Prediction of adverse outcomes in children with sickle cell disease.

Published

Journal Article

BACKGROUND: The ability to identify infants with sickle cell anemia who are likely to have severe complications later in life would permit accurate prognostication and tailoring of therapy to match disease-related risks and facilitate planning of clinical trials. We attempted to define the features of such babies by following the clinical course of 392 children with sickle cell disease from infancy to about the age of 10 years. METHODS: We analyzed the records of 392 infants who received the diagnosis of homozygous sickle cell anemia or sickle cell-Beta(0)-thalassemia before the age of six months and for whom comprehensive clinical and laboratory data were recorded prospectively; data were available for a mean (+/-SD) of 10.0+/-4.8 years. Results obtained before the age of two years were evaluated to determine whether they predicted the outcome later in life. RESULTS: Of the 392 infants in the cohort, 70 (18 percent) subsequently had an adverse outcome, defined as death (18 patients [26 percent]), stroke (25 [36 percent]) frequent pain (17 [24 percent]), or recurrent acute chest syndrome (10 [14 percent]). Using multivariate analysis, we found three statistically significant predictors of an adverse outcome: an episode of dactylitis before the age of one year (relative risk of an adverse outcome, 2.55; 95 percent confidence interval, 1.39 to 4.67), a hemoglobin level of less than 7 g per deciliter (relative risk, 2.47; 95 percent confidence interval, 1.14 to 5.33), and leukocytosis in the absence of infection (relative risk, 1.80; 95 percent confidence interval, 1.05 to 3.09). CONCLUSIONS: Three easily identifiable manifestations of sickle cell disease that may appear in the first two years of life (dactylitis, severe anemia, and leukocytosis) can help to predict the possibility of severe sickle cell disease later in life.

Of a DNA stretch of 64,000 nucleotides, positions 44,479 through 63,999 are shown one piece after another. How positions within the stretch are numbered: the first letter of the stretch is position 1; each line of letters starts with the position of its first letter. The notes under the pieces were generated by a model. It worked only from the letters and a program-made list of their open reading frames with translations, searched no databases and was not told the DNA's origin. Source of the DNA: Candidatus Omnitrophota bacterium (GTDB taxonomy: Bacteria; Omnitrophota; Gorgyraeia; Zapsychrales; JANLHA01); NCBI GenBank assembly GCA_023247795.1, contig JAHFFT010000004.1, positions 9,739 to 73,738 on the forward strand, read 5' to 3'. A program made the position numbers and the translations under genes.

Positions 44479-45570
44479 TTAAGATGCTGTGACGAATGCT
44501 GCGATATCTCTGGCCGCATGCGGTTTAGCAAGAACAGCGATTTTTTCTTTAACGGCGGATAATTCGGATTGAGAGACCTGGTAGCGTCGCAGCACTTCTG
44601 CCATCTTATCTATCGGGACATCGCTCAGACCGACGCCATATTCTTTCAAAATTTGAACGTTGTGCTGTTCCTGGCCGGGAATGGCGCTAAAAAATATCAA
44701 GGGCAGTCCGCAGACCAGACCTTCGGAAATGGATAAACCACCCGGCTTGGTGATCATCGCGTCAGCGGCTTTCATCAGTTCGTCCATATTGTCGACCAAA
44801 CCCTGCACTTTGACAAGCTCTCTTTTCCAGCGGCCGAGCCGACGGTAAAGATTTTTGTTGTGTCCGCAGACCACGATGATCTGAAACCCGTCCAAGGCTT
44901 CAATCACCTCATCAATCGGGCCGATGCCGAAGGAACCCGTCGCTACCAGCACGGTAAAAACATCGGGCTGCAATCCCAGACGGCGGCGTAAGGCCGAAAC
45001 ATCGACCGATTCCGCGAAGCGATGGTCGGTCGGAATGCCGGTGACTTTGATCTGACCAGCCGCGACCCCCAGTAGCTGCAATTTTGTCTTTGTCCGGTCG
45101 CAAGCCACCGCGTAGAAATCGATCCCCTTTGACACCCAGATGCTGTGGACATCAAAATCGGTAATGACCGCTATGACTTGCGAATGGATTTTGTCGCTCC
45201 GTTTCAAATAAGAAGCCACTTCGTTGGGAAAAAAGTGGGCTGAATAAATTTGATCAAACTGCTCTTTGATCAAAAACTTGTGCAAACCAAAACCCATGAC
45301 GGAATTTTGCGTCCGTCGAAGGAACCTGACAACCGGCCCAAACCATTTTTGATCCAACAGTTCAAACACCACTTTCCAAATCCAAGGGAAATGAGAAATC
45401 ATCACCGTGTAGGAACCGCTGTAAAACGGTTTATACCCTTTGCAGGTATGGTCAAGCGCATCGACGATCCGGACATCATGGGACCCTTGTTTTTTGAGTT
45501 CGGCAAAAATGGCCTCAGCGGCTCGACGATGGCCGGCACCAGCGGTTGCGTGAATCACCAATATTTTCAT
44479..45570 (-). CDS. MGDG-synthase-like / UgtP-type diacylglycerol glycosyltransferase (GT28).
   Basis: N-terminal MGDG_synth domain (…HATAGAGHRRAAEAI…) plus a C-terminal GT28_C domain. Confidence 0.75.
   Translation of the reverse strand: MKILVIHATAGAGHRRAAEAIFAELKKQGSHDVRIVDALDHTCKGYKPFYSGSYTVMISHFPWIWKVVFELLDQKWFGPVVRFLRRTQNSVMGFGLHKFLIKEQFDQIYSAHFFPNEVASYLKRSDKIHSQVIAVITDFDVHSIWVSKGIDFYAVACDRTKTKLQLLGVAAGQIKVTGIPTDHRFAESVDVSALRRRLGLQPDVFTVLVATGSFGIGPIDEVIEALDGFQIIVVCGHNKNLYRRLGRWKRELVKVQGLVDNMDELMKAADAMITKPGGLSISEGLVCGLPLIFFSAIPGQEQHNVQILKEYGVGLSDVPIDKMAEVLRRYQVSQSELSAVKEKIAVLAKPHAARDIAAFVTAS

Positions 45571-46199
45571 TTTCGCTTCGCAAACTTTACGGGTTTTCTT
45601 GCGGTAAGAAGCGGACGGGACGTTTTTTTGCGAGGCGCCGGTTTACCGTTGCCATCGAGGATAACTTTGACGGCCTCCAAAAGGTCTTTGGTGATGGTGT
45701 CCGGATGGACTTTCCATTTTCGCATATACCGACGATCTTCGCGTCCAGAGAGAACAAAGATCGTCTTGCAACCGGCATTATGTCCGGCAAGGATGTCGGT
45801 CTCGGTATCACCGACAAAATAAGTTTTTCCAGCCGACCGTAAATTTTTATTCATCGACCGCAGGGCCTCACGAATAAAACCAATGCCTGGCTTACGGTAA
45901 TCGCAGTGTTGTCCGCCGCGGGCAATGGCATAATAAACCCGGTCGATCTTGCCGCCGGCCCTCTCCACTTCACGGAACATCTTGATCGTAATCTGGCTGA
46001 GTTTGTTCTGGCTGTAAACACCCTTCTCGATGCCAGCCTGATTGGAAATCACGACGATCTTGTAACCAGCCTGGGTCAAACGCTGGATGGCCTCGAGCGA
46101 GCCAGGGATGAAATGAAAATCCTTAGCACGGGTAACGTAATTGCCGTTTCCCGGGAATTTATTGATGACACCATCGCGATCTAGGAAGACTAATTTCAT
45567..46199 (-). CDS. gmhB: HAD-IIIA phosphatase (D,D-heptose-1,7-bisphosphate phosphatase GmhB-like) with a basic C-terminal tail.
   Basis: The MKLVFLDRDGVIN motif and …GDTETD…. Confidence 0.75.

Full Text

Duke Authors

Cited Authors

  • Miller, ST; Sleeper, LA; Pegelow, CH; Enos, LE; Wang, WC; Weiner, SJ; Wethers, DL; Smith, J; Kinney, TR

Published Date

  • January 2000

Published In

Volume / Issue

  • 342 / 2

Start / End Page

  • 83 - 89

PubMed ID

  • 10631276

Pubmed Central ID

  • 10631276

Electronic International Standard Serial Number (EISSN)

  • 1533-4406

International Standard Serial Number (ISSN)

  • 0028-4793

Digital Object Identifier (DOI)

  • 10.1056/nejm200001133420203

Language

  • eng